DECEMBER 23, 1959
NEW YORK—On Saturday afternoon of last week I drove up to Hyde Park and found my household and my family already immersed in Christmas preparations.
But the household had a few hectic days prior to Saturday, and we had to forget all about Christmas in our difficulties. First, we were struck by hordes of red ants that threatened to put us out of the house, and then we had to contend with a furnace that ceased to function!
Supplies of all kinds had to be thrown out because they were filled with these infinitesimal red insects. They covered the furniture, the floors, and the walls; they got into everything. Finally, we discovered a man who said he could get rid of them, but for 24 hours everything had to be out of every cupboard and everyone had to be out of the house while he was applying the necessary disinfectants.
Then just as everyone had regained his composure and had moved everything back into place, the only part of the furnace that I had not had replaced last year went out of order. That happened last Saturday morning, and I fully expected to find only open fireplaces to warm us, which I did not expect to be very comfortable. Whatever had to be done was done, however, before we arrived in the evening, and the house was warm and we all had a pleasant dinner.
On Sunday afternoon I had my usual Christmas party for all the people who work on the place, as well as those who used to be with my husband and my mother-in-law and who are now either retired or are working in the village.
This party is always great fun because I have watched the children grow up and now they are getting married and having children of their own. So, we had at least seven young ones this year, ranging from a baby of a few months old to six years old.
Each year I give an account of any trips I have taken during the year, and this year Nina could do her share, as she was with me on the only extended trip I had taken. This was when we went to Iran and Israel last spring, with a brief stop at the end of our journey in Paris and London.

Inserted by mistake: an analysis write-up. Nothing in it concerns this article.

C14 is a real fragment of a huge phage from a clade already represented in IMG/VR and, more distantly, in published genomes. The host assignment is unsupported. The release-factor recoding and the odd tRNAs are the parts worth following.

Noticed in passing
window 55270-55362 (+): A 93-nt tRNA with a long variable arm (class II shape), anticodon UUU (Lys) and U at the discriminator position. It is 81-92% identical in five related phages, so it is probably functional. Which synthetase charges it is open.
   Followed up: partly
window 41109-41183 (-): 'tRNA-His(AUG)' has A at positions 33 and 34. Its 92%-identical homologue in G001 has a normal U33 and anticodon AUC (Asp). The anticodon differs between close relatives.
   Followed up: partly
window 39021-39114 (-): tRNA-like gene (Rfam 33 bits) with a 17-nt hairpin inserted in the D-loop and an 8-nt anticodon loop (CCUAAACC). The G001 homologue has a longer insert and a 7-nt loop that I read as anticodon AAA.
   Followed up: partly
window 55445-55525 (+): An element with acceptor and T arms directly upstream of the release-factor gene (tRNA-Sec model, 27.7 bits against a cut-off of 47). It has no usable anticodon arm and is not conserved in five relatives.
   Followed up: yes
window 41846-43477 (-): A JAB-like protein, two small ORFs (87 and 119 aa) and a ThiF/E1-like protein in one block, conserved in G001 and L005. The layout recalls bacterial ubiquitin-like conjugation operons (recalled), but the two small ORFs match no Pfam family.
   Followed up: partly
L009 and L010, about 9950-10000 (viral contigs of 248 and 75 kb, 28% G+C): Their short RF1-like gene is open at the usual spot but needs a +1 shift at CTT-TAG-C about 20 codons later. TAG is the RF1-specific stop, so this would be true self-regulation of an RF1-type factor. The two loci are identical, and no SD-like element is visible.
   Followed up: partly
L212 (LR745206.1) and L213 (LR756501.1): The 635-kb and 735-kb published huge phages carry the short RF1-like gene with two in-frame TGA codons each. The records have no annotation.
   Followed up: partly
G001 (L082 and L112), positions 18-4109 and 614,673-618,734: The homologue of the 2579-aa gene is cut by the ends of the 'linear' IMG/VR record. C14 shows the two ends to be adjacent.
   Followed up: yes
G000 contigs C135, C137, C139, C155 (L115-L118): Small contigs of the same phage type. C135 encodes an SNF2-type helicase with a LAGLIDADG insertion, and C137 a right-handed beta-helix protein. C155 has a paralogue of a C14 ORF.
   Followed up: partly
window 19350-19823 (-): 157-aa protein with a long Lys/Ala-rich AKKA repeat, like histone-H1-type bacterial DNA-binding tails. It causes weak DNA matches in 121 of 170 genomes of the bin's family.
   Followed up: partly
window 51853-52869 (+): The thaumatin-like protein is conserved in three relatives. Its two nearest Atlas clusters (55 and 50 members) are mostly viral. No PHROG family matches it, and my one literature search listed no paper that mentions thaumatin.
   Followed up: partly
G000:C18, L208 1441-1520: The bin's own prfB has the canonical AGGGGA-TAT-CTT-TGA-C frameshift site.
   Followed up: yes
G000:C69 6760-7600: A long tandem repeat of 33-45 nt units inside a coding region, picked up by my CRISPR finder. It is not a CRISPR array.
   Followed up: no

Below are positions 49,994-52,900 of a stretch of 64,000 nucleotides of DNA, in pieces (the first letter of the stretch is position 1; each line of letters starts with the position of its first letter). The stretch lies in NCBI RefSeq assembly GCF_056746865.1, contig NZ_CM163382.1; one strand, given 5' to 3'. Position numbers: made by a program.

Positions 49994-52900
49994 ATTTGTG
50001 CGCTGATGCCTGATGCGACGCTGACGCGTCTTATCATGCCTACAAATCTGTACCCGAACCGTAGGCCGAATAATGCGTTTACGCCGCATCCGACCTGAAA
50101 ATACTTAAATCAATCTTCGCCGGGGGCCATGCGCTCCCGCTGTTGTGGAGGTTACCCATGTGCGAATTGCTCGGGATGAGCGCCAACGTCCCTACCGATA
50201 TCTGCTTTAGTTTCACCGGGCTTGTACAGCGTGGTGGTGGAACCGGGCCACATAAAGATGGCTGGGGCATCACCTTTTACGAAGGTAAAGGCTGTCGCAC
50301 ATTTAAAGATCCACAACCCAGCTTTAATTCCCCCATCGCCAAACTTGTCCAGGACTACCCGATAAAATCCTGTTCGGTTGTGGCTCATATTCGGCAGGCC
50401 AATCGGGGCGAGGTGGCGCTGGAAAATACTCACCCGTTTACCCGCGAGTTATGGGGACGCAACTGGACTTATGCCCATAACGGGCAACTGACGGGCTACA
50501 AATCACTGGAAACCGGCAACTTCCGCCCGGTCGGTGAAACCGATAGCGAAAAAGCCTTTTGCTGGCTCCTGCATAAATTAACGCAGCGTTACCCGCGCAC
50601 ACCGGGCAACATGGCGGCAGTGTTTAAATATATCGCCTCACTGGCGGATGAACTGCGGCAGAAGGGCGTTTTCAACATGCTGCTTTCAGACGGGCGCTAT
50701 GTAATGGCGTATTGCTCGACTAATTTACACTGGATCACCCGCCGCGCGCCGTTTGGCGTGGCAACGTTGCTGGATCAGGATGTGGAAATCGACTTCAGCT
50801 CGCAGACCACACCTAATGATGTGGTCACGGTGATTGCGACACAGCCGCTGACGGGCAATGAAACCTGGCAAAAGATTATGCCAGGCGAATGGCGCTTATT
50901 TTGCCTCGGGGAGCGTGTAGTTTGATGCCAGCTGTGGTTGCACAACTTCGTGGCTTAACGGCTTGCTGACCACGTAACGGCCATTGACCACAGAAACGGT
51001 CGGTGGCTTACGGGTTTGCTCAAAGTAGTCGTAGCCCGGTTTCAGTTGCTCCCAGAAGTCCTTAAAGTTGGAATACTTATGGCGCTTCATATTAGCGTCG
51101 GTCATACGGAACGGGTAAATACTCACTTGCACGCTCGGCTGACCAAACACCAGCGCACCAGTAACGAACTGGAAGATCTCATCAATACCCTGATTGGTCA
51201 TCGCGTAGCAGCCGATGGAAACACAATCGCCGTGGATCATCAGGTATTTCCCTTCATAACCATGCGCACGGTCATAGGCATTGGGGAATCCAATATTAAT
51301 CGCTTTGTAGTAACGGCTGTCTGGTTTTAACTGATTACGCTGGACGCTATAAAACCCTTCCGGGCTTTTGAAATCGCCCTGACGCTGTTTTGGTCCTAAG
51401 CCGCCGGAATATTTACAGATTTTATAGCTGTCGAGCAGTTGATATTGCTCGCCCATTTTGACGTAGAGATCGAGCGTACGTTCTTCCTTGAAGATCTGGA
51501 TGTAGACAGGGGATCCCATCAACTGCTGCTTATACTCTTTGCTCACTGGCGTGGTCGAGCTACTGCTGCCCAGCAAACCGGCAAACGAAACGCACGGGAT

Tuesday was a stormy day in New York, and our hope is that the President, on the last lap of his journey, will find pleasanter weather on his arrival home Tuesday night. The snow looks beautiful for a while, but creates havoc as far as traffic in the streets and on the roads is concerned. It is difficult for those who have to travel, but the snow is a delight to all the children who always want a white Christmas in the country. In the city I never enjoy the snow, but in the country it is delightful.
Every citizen of our country, I am sure, will be wishing the President a happy Christmas for having fulfilled a peaceful mission well.
It is true that no trip of this kind can solve the many difficulties that will have to be met at more than one summit conference. The atmosphere can be improved, however, and I think it has been, and we should all be grateful to the President for having fulfilled an arduous duty.
It must have taxed his strength and been an exhausting experience, but let us hope that it has given him a sense of satisfaction to find himself received with such enthusiasm, which indicates the trust of the peoples of the world.